Any release spunky enough to embrace Ligeti’s and Finissy’s Second Quartets – not to mention Stravinsky’s Three Pieces and Lutoslawski’s historically important 1964 String Quartet – is OK with me. But ‘Quartet Choreography’ has another agenda, too. In 1942, in his Poetics of Music in the Form of Six Lessons , Stravinsky made an extraordinarily prescient claim: ‘It is not enough to hear music., it must also be seen’, he wrote, ‘An experienced eye follows and judges … the performer’s least gesture. One might conceive the process of performance as the creation of new values … similar to those which arise in the realm of choreography.’

Anyone who’s watched Thelonious Monk’s jabbing fingers play the piano compared to, say, Alfred Brendel’s balletic, curved fingers, knows how directly Monk’s body movements change the sounds we hear. As the Kreutzer Quartets cellist Neil Heyde observes, string quartets work with a similar correlation between sound and movement. Most obviously, the contrast between the ‘slowly unfolding cloud of sound’ at the start of the Ligeti and, to produce it, the quartet’s frenetic ‘unsynchronised physical activity’ suggests there’s a side to quartet-playing that only practitioners themselves can, and do, know about.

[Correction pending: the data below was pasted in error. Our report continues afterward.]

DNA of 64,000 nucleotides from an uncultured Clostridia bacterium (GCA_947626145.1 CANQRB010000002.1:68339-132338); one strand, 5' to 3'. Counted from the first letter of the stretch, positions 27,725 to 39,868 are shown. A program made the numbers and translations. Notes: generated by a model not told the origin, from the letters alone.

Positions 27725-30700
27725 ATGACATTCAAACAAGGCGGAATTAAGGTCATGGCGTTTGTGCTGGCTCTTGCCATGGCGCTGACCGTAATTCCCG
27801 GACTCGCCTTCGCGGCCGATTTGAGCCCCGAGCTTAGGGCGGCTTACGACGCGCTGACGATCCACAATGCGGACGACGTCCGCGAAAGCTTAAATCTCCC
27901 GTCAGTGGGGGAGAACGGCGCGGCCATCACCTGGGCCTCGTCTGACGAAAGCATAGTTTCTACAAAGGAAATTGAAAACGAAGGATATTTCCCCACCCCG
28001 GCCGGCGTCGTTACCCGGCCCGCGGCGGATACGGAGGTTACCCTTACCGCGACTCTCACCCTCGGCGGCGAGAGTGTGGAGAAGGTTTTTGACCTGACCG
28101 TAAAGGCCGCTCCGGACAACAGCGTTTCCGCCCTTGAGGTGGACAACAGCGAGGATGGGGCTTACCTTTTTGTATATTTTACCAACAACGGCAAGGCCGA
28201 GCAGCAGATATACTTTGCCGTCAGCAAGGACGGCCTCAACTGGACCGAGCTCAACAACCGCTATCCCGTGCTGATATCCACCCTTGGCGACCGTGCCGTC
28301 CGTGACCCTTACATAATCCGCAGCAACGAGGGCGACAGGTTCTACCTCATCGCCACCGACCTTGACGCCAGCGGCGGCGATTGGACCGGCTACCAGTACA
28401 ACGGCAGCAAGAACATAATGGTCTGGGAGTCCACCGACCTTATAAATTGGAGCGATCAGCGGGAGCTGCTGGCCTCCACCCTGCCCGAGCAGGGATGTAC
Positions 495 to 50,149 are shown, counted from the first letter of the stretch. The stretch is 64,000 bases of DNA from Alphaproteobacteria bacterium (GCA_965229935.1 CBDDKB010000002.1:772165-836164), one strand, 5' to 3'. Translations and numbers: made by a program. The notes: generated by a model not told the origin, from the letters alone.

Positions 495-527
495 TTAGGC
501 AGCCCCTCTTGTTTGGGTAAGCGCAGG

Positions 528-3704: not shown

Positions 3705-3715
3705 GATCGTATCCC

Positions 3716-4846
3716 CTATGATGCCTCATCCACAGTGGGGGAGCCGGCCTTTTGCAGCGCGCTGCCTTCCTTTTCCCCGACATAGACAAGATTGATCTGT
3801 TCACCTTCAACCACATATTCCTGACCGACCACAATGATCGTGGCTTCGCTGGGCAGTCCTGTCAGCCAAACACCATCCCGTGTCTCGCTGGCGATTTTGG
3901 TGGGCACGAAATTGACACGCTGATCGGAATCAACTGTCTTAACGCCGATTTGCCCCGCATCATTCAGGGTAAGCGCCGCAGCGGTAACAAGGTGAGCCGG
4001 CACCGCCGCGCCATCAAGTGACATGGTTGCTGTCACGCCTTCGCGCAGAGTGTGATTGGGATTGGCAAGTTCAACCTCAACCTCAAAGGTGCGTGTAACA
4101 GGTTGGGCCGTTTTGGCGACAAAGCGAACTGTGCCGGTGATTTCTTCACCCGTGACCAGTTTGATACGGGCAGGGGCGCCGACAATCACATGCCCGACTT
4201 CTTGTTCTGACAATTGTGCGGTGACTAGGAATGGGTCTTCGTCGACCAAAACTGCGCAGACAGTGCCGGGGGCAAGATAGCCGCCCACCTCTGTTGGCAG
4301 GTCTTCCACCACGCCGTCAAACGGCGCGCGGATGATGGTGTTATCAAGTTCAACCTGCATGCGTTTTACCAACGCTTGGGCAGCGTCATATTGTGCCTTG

‘Quartet Choreography’ lets Joe Public in on the act. These films are edited to mirror something of the composer’s approach to structure but, more significantly, to allow viewers to see the physical interaction between player and instrument. The Meccanismo movement of Ligeti’s piece scuppers any misconception that string players treat their instruments with kid gloves: these moves are brutal, physical, surgically precise. Intriguingly, the Finnissy and Lutoslawski quartets both began from the idea of producing a set of independent parts – Finnissy stuck with it, Lutoslawski didn’t – and now we see how the quartet shifts when a unified group chemistry is no longer the goal. Faces darken, moods change, body language becomes slightly defensive. And Stravinsky was right: we hear these moves, see the sounds differently.

—Philip Clark